Ballot measures

See also: Wake County, North Carolina ballot measures

The city of Raleigh is in Wake County. A list of ballot measures in Wake County is available here.

Initiative process

See also: Laws governing local ballot measures in North Carolina

Population as of the July, 2011 census update: 416,468.[1] Raleigh is a charter city.

Ordinances: Signature requirement is 10% of the registered voters at the last regular municipal election. Prior to circulation, notice of circulation of a petition shall be registered with the county board of elections (NC Gen. Stat. 163-218, 163-295). Petition form and content requirements are in Raleigh Charter, Sec. 2.16, including the names and addresses of 5 electors, who, as a committee of the petitioners, shall be responsible for the circulation and filing of the petition. All petition papers shall be assembled and filed with the city clerk as one instrument. Petitions are void after 1 year from the initial notice filing (NC Gen. Stat. 163-219). After certification, the council has 60 days to adopt the measure without alteration or shall submit to the electors not less than 30 days nor more than one year from the date the council takes its final vote thereon. The council may, in its discretion, and if no regular election is to be held within such period shall, provide for a special election. Provided that, if the council passes an ordinance proposed by initiative petition in a form different from that set forth in the petition, the initiative form of the ordinance shall be submitted to the electors of the city only if, within 20 business days, an additional petition signed by 5% of the registered voters at the time of the last regular municipal election is submitted to the city council.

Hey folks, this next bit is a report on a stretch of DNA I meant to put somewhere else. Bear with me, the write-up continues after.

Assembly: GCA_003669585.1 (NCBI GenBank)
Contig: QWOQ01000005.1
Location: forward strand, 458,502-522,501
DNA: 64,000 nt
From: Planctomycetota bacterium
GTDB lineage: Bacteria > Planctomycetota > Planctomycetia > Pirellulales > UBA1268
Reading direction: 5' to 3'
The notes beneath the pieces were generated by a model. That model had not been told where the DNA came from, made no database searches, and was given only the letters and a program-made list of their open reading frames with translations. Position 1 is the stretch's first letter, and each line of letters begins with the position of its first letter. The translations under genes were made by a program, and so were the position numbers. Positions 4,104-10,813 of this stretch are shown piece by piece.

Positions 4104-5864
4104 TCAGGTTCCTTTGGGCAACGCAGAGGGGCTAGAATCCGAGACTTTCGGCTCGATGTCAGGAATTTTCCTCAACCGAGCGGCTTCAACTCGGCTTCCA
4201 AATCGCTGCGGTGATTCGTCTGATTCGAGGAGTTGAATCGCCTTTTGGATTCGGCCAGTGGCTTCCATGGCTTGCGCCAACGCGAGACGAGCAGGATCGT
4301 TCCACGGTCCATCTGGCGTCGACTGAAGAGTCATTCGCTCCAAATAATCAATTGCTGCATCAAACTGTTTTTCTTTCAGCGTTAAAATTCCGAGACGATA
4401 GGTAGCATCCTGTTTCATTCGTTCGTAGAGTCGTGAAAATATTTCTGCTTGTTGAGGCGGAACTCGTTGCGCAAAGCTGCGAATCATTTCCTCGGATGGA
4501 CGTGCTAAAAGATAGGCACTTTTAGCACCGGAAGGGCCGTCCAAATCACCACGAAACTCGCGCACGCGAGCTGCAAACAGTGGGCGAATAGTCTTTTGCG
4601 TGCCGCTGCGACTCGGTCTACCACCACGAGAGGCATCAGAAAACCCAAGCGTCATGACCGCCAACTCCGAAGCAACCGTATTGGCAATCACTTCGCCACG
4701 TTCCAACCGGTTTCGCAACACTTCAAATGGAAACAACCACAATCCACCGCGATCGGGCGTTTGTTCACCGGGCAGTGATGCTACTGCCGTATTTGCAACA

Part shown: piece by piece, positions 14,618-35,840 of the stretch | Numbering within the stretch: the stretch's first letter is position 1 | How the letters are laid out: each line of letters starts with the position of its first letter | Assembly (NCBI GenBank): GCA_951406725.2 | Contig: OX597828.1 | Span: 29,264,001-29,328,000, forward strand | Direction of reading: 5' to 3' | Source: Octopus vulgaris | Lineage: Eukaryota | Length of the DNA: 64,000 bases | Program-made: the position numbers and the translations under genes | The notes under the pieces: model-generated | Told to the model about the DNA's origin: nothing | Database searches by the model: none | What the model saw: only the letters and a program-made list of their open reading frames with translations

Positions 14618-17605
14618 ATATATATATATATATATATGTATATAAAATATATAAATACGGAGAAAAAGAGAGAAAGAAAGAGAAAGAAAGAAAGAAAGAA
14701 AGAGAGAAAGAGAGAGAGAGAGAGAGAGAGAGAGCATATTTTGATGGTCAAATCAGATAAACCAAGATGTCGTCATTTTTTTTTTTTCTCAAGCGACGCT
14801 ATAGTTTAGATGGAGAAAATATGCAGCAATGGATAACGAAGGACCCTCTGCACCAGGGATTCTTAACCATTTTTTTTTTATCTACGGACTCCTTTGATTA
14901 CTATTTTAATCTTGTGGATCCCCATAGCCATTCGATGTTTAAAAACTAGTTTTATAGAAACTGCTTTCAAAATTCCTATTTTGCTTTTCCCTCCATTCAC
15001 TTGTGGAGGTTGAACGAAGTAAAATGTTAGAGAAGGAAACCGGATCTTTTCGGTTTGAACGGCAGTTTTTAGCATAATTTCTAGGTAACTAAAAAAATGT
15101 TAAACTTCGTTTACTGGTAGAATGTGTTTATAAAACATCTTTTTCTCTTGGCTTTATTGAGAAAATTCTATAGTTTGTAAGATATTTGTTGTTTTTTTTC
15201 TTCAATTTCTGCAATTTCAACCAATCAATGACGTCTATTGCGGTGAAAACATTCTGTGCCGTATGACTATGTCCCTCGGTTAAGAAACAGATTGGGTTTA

Restrictions: Initiative not available for an ordinance appropriating moneys or authorizing the levy of taxes.

DocumentIcon.jpg Raleigh Charter, Sec. 2.16


As of October 2014, information on Raleigh's federal lobbying related expenses past 2005 is unavailable.[8]

City website evaluation

See also: Evaluation of North Carolina city websites

This information was last reviewed: Feb. 11, 2013.

The good

  • Budget
  • *The current budget is posted.[9]
    • Budgets are archived to 2008.[10]
  • Elected Officials
    • Contact information for elected officials, including individual email addresses, individual phone numbers, and a physical address is available[11]
  • Meetings
    • Agendas and minutes are posted.[12]
    • Agendas and minutes are archived for more than three years.
  • Administration
    • Names of administrative officials, individual email address, individual phone numbers, and a physical address are available.[13]
  • Zoning and Permits
    • Permit applications are available for download[14]
    • Zoning ordinances are available.[15]
  • Audits
    • The current audit is published and previous audits are available for the last three years[16]
    • Audits are archived to 2002.
  • Contracts
    • Bids are posted, including approved contracts over $10,000.[17]
  • Public Records
    • A public records contact is available and public records policies are available in a central location[18]
  • Taxes
    • City property tax information is posted.[19]
    • Assessed value of property taxes for over 10 years is posted.[20]
    • Tax revenues are available and tax rates are published in the Budget[21]

The bad

  • Lobbying
    • A list of memberships to lobbying organizations and associated fees are available and a search of lobbying doesn’t generate any relevant results.

See also

External links